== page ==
What you have to take into account is that for many historical gamers, the key part of it IS the history. Being historically inaccurate kinda is the diametric opposite to their hobby.

    Being passionate about history is often as much of a hobby, if not more, than the gaming itself.

    My bookcases are testimount to my love of WW2 military history, and why I am analysing retentive when it comes to WW2 miniatures.

    I won’t put historically inaccurate stuff.on my table if playing a historical wargame… whats the point? Luckily my gaming group has the same foibles and historical research is a boon, not a chore to us.

    Those type of historical gamers are the ones who will be able to tell you what colour piping they used in the War of Jenkins Ear and how many rivets are on a 38t.

    I pursue my hobby in my way… rivet counting and all. I dont expect or care how others do it. Paint pink panzers for all I care if it makes YOU happy thats a good thing. What makes me happy is trying to reflect my love of history and admiration for the fighting men of previous centuries by trying to reflect the look of these men as accurately as possible. Think of it as a means to pay a little respect back to those who did it for real. Especially with WW2, I’ve met so many veterans, I feel I owe it to them to present history is as factual way as possible… but still with a view to gaming it.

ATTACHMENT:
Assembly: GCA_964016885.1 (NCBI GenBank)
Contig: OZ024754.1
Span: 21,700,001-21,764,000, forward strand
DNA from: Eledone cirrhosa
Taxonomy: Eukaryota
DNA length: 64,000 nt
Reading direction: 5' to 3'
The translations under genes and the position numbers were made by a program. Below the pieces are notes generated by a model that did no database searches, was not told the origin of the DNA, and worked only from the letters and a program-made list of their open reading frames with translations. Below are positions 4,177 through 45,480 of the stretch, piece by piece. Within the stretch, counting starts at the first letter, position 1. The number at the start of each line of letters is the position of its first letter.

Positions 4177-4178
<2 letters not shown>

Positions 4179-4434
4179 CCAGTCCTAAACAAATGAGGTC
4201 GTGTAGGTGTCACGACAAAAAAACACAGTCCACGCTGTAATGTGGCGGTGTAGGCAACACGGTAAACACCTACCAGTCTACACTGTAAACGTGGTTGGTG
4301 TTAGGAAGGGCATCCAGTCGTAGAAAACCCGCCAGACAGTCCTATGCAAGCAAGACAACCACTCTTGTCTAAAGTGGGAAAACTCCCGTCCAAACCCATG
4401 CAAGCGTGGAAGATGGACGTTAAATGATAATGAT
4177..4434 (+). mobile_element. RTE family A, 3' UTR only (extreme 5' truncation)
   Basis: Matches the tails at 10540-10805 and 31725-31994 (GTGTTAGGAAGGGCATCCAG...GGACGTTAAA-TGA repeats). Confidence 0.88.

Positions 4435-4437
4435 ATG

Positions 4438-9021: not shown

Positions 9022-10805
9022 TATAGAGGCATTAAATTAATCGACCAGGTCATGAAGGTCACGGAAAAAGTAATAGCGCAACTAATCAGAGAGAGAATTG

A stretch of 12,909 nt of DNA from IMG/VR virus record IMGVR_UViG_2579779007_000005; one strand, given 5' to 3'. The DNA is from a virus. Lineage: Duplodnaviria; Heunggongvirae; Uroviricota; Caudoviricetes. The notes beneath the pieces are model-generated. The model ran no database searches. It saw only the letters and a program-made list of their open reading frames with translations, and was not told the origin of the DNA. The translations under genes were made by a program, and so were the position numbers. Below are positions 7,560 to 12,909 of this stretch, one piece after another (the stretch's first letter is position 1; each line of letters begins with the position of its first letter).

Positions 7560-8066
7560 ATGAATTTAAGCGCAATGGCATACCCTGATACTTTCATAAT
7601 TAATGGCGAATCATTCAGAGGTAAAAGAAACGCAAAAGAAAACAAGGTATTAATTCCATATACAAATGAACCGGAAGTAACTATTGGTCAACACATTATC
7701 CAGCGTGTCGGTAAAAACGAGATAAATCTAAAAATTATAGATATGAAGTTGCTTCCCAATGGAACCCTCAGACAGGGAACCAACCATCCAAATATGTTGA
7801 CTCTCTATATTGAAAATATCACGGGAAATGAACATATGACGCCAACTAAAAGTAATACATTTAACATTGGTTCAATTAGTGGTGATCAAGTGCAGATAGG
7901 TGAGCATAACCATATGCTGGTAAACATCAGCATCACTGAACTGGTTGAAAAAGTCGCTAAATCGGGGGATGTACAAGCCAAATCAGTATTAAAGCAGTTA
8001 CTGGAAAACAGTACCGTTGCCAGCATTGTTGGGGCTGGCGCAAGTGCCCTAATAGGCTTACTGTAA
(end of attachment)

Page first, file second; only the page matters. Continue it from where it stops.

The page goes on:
You will always find vocal minorities who like to pursue a perceived superiority over others in all hobbies. But I dont think there are that many.

    Wargaming is a personal hobby and I think best pursued in that manner. I won’t tell someone they painted their tank the wrong colour… but I also wouldn’t put that tank on my table.




    Cult of Games Member

    @dugthefug1644 I think you have hit the nail on the head. The distancing and semi anonymity you get from being online emboldens people, this is one of the reason’s I rarely post any pictures of my stuff online, thinking long and hard as to whether I want to read someone’s opinion on my work. Social media also allows the militant minority to seem more vocal, as those who aren’t are more likely to just hit the like button and scroll on